What Are the Best Uses of Pens? All the Different Types of Pens Explained!
uses of pens Person Holding Blue Ballpoint Pen Writing in Notebook

Since the beginning of time, humans have written on every worldly object imaginable – from rocks and tree bark to camel skin and fabrics. Now, we can be grateful for the invention of pen and paper, but there are so many uses of pens that you may not have considered before.

In this guide, we will travel through time to learn about the different types of pens, elaborate on the many uses of pens, and give you ideas for some creative activities.

How Many Types of Pens Are There?

There have been many variations of pens over the years – from a simple stick dipped in ink to a plastic tube that has a built-in refillable reservoir of ink. If that isn’t impressive enough, today we have a pen that requires no ink or paper but does everything a pen is capable of. Curious? Here are all the different types of pens explained.

Reed Pen

The very first pen that has been recorded by history is the reed pen. It was invented in the 4th century BC in ancient Egypt. It consists of a bamboo stick and has a split nib. The reed pen is dipped into ink, the nib splits to hold it, and then it is used to sketch or write on paper.

Quill Pen

Since bamboo is stiff by nature and weathers easily when hydrated with ink, the reed pen was replaced by quill pens. They are made of bird feathers and unlike the reed pen, the split nib works with the help of gravity.

Dip Pen

Created in the 19th century, dip pens outweigh the pros of quill pens and employ metal nibs with splits in the tip. Like reed pens and quill pens, they are dipped in ink but will last a lifetime.

Ink Brush

When calligraphy became popular for letter writing in East Asia, people took several sticks of bamboo, ivory, gold, and even silver to make the body of a pen and attached animal hair to the top, hence the name “ink brush.” It was lightweight, durable, and efficient.

Fountain Pen

Introduced in 1884, fountain pens quickly replaced dip pens for their efficient ink-filling mechanism. It consists of a built-in reservoir that holds ink and eliminates the need for constant dipping and reduces spillage. The body is durable, the nib is split for consistent ink flow, and it’s easy to use.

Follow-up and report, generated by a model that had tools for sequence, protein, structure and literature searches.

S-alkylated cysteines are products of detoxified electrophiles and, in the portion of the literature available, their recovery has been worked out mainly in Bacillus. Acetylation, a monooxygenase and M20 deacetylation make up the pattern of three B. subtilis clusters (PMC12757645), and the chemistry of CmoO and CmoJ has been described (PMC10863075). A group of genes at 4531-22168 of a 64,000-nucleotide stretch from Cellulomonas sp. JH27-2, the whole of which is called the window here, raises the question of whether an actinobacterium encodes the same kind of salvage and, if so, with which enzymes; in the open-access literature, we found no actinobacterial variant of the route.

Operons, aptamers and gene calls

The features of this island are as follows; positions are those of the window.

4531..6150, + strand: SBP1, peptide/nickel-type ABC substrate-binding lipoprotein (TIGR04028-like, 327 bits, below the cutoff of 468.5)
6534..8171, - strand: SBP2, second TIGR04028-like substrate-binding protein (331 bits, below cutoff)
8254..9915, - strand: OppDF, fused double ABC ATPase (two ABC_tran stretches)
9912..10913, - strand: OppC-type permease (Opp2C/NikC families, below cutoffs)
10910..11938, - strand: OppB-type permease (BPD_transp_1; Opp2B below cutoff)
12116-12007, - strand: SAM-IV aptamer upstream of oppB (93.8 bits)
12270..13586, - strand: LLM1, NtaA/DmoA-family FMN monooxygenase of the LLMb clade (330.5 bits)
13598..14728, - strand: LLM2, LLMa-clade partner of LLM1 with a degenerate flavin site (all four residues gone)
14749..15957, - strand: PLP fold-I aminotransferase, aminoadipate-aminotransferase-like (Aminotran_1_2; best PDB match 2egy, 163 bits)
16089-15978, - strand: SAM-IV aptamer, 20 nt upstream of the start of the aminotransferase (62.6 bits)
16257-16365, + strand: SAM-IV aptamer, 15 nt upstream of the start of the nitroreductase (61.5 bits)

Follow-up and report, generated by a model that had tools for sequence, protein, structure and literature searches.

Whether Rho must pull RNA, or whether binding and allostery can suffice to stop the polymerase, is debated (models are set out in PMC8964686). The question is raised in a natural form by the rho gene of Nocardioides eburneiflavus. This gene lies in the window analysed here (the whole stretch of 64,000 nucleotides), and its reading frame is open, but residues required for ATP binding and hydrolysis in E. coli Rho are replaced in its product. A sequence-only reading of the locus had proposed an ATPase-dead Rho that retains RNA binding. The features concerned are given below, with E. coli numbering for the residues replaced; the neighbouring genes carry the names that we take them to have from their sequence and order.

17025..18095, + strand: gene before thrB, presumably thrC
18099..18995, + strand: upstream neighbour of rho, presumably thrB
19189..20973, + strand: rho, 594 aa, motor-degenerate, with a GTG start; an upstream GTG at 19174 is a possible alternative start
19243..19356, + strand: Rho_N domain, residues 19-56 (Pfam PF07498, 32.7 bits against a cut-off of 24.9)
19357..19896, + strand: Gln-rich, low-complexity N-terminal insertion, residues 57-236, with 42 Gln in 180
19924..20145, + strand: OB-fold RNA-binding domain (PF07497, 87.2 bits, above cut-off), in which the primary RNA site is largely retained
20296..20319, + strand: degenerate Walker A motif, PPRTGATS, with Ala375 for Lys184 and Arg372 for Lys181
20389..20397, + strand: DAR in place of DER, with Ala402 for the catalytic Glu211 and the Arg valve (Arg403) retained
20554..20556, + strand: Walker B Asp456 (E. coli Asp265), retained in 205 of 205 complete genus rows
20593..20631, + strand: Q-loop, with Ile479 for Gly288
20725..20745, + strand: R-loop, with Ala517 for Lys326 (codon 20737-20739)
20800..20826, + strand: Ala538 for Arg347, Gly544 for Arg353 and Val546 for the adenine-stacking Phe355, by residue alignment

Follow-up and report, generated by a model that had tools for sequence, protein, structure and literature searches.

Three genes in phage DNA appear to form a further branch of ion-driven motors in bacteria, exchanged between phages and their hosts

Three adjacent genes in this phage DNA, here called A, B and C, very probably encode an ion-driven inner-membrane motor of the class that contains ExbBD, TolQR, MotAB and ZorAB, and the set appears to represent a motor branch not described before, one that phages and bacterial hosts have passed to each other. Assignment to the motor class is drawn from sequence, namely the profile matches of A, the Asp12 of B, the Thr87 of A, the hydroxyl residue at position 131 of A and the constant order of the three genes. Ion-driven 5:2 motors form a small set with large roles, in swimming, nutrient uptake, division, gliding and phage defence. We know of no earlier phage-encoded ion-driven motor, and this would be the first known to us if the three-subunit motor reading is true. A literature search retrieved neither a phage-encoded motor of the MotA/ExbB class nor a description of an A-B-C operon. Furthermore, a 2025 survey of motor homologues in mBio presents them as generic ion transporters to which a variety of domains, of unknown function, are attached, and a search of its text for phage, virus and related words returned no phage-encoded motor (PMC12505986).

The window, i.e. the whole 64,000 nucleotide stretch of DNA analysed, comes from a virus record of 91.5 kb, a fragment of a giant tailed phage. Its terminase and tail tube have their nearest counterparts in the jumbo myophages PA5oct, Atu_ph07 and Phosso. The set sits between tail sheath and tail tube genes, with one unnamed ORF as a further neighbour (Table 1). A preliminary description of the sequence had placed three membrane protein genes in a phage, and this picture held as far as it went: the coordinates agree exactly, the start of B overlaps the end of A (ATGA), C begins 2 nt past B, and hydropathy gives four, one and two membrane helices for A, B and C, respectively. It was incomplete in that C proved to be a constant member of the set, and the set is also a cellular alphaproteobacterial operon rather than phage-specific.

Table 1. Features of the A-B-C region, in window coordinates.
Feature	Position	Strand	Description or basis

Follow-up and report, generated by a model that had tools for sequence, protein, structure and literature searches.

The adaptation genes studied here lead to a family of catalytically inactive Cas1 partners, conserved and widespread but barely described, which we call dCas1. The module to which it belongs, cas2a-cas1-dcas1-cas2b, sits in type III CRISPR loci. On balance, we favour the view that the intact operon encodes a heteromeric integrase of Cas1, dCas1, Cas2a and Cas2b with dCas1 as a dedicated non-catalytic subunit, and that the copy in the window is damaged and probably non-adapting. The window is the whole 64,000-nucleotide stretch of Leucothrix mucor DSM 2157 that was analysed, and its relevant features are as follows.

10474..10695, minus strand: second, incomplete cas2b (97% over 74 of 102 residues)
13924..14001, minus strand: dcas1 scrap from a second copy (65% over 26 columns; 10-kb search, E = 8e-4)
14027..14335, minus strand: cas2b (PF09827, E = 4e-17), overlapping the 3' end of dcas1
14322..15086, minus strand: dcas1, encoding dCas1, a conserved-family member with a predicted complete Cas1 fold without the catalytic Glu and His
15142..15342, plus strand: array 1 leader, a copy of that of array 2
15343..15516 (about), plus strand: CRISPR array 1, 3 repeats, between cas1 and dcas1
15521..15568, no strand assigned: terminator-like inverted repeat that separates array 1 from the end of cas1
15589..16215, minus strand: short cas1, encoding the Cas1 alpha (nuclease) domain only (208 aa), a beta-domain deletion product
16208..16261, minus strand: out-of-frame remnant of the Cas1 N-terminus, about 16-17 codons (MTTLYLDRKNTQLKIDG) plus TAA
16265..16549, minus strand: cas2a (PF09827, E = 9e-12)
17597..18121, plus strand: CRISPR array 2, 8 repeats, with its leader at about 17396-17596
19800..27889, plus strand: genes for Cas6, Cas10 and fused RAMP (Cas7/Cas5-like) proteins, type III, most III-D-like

Marker Pen

Fluorescent marker pen

Also known as a felt-tip pen, a marker pen is made of a plastic or aluminum body with a built-in ink reservoir and has a felt tip that balances ink flow and draws out incredible sheen, shine, and color from the ink. It doesn’t dry out easily or bleed.

Ballpoint Pen

The most common modern pen, a ballpoint pen, is constructed of a metal ball at the very tip of the pen that dispenses ink onto the paper. This removes the risk of ink bleeds, does not require special paper to write on, and makes the pen glide smoothly. It comes with ink built-in.

Rollerball Pen

Similar to a ballpoint pen in construction and durability, a rollerball pen is manufactured to broaden the variety of inks compatible with ballpoint-like pens. It uses gel and water-based ink so the ink flows consistently. The only disadvantage of the rollerball pen is that runnier inks smudge easily.


Also termed as a digital pen, the stylus is a pen-like instrument that has a metal nib attached. It does not have an ink reservoir because it actually works without ink. The metal nib is detected by touch-screen sensors, which helps ease navigation in electronic devices like laptops, mobile phones, tablets, and TVs.

Space Pen

One of the most innovative creations in the world of pens, the Space Pen utilizes the convenience of a ballpoint pen and adds a pressurized reservoir of ink in the barrel. It allows the Space Pen to work underwater, over oil, and even in space. The only downside is that it’s quite expensive.

What Are the Different Uses of Pens?

Now that you are familiar with all the different types of pens, here is a comprehensive description of almost everything that they are capable of. We’ve divided the pens into categories based on their uses.

Writing Pens

Fountain Pen

Fountain pens are best used to write formal signatures, label high-end certificates, and stamp letters with information. They are for people that want writing to be a comfortable and fun experience. In many countries around the world, students are actually required by their academic authorities to use fountain pens for note-taking, homework, and essay writing.

Because they have an ergonomic grip, fountain pens are also recommended for people with hand fatigue, carpal tunnel syndrome, or general wrist pain.

Rollerball Pen

Rollerball pens are best employed by people who want to improve their handwriting, do not want to spend a lot of money on ink, and don’t want to spend a lot of time choosing the right paper.

Using a rollerball pen requires the wrist to be relaxed, so it’s also recommended for people who tend to place considerable pressure on the pen. It helps ease heavy-handedness, saves energy, and helps you write faster.


Ballpoint pens are most popular for their convenience, so they are used practically everywhere. They are used in schools for note-taking, in tattoo parlors to sketch designs, in offices for professional use, and by sketch artists to draft portraits.